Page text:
A young 22-year-old woman, Lucy, and her mother decide to take a month-long trip to
I thoroughly enjoyed this, and Lucy Knisley really grasps the sense of place. Truly, reading this does make you wish you were in
That’s not to say that the book doesn’t have its problems, and I’m wondering if any of these will be addressed once Simon and Schuster reissues the book this year. First, one doesn’t really get a sense of Lucy’s relationship with her mother. The back of the book makes some mention of their “shifting relationship” as Lucy faces post-college life and her mother approaches 50…but I really got no sense of conflict or tension at all. Lucy makes references to conflicts with her boyfriend, but the reader never finds out what’s going on there. It didn’t bother me so much, but there really wasn’t a traditional story arc (or, one could argue, a story at all). They go to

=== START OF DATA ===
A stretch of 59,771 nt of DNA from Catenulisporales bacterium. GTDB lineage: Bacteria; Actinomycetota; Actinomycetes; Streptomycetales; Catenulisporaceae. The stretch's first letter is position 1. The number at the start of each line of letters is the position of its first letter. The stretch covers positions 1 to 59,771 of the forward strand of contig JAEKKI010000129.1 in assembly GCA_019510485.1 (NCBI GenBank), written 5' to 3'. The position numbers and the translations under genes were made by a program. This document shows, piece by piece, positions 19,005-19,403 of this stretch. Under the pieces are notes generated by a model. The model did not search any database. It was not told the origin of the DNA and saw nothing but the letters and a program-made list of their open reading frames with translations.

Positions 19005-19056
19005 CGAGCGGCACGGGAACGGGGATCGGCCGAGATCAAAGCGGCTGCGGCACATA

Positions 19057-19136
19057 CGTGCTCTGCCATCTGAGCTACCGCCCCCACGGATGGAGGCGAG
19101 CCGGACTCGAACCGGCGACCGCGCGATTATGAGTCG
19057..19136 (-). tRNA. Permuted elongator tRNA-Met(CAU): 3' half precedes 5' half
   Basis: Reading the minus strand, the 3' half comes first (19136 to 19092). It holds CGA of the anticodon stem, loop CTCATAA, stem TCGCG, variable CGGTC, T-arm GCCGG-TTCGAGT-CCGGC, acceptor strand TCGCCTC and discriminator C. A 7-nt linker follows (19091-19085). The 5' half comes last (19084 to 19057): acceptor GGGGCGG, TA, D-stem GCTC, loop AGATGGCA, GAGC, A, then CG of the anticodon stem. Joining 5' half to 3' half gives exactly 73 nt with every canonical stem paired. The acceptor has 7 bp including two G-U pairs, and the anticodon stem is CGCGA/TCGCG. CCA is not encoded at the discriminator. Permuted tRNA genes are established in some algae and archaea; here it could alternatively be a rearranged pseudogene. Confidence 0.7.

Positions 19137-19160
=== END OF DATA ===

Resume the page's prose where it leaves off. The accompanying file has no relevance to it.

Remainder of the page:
Overall, French Milk is a choice read for any teenage Francophile...or, in my case, any armchair-traveling, young-adult-book-loving, grown-up Francophile.
Lucy's website, Stop Paying Attention